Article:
Because of the amount of money which is in the world of antiques, and the fact that many of these pieces can only have their authenticity proved by experts, there are a lot of scams and frauds that take place. To the uninitiated, this can mean paying out lats of money on items like antique coins and ancient artwork, when in fact it is completely worthless. You must ensure that you are properly educated on the piece you wish to buy, and that you always check your sources ahead of a purchase. It is better to be aware of the scams that are out there so that you can be on your guard so we spoke to the guys at Sadigh Gallery in New York, to find out some of the common antique scams.
When selling an item you need to be absolutely sure of its relative value, especially in the market which we are in right now. The reason for this is because of the sheer number of crooked dealers who will be happy to undervalue your product to make a large profit. Dealers will try to point out blemishes or faults on your product, or they may even talk about the market and how little demand there is for a piece like yours. Firstly you ought to make sure you have a good idea of what your piece is worth, secondly you need to make sure that you only use trusted dealers.
Replicas Sold As The Real Thing
One of the most common and one of the oldest scams in the antiques world is selling copies or replicas of pricey pieces, and passing them off as the real thing. There is nothing at all wrong with creating copies of ancient pieces, in fact many people make a great living from doing so, what is wrong however, and illegal, is to pass this off as the real thing. You must have a trained eye to spot replicas as some of the copies these days are very accurate. Be on the look out for inconsistencies with the era, material usage, cost of the product and overall quality of the piece. Remember that if you are in any doubt about how genuine the piece is, don’t buy it.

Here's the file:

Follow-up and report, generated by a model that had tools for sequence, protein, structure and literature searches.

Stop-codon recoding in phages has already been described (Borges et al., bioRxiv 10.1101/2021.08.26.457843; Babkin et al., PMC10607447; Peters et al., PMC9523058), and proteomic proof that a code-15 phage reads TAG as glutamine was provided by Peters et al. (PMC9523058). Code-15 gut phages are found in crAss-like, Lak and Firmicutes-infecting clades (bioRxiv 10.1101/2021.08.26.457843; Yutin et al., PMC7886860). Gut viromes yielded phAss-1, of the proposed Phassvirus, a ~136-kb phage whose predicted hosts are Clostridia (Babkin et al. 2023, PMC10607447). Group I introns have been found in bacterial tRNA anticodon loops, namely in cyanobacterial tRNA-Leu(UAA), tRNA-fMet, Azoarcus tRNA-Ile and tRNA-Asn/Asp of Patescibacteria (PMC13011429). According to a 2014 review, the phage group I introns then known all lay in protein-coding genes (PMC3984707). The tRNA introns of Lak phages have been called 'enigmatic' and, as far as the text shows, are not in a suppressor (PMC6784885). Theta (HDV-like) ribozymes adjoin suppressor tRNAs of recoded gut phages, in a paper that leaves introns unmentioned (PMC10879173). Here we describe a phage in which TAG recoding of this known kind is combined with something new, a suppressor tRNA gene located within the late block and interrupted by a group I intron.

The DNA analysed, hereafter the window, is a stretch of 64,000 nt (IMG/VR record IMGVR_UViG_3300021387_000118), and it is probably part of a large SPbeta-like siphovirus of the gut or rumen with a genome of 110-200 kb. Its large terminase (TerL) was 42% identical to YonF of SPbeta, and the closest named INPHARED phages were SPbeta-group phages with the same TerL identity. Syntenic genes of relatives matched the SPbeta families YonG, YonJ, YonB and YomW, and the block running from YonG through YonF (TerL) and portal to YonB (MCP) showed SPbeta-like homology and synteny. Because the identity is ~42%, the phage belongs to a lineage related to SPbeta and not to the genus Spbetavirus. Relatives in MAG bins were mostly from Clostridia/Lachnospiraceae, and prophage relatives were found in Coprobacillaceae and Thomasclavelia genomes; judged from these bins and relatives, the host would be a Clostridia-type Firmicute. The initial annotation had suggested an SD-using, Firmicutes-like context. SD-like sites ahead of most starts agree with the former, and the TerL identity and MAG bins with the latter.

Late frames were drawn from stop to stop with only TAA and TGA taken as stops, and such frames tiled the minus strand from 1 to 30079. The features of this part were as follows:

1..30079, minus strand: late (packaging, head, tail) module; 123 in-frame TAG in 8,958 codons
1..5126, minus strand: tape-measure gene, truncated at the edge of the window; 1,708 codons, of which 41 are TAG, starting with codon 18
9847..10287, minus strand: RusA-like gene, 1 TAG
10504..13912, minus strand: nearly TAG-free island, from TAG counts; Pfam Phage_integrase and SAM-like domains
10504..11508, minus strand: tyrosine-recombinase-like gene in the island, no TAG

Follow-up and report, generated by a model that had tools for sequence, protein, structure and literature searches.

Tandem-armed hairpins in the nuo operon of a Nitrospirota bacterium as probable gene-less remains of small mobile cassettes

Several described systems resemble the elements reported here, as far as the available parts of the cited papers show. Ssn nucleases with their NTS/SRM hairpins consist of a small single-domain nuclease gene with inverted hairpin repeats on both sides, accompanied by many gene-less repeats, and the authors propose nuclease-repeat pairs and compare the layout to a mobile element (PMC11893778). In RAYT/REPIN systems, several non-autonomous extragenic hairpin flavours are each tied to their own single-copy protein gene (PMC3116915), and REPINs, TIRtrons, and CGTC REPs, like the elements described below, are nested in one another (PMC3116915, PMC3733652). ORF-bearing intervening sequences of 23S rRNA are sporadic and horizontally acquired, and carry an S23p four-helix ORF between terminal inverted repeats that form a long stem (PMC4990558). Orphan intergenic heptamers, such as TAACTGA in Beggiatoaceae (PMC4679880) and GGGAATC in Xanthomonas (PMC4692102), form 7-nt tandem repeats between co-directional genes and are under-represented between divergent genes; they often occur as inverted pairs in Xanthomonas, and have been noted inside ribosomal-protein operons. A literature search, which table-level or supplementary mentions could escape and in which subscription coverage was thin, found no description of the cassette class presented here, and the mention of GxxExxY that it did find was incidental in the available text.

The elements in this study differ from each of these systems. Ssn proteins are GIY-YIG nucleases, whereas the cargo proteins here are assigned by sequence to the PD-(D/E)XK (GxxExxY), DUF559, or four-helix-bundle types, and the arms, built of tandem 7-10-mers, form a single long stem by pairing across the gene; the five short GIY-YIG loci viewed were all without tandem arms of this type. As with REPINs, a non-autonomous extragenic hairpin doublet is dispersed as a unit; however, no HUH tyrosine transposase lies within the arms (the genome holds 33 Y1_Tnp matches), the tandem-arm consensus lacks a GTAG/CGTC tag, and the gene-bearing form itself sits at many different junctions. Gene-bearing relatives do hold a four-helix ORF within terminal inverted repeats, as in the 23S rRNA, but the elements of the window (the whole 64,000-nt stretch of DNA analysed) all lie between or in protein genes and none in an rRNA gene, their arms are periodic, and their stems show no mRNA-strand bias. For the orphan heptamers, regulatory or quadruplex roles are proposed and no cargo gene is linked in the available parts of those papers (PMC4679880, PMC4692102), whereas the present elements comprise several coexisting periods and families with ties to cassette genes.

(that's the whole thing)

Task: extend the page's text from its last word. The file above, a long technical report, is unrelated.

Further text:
A recent trend which seems to be happening at many small auction houses are bidding rings of antiques dealers. These dealers will attend auctions together and make deals not to bid against each other. One dealer will bid for a piece and when they win it, generally at a low price, they will meet with the rest of the dealers after the auction. Once the dealers get together, they will bid for the piece amongst themselves, and then split any profit made between them all. The best way to avoid a scam like this is to only use reputable auction houses.
Make sure that you know what you are buying, and that you have educated yourself enough to spot the real thing.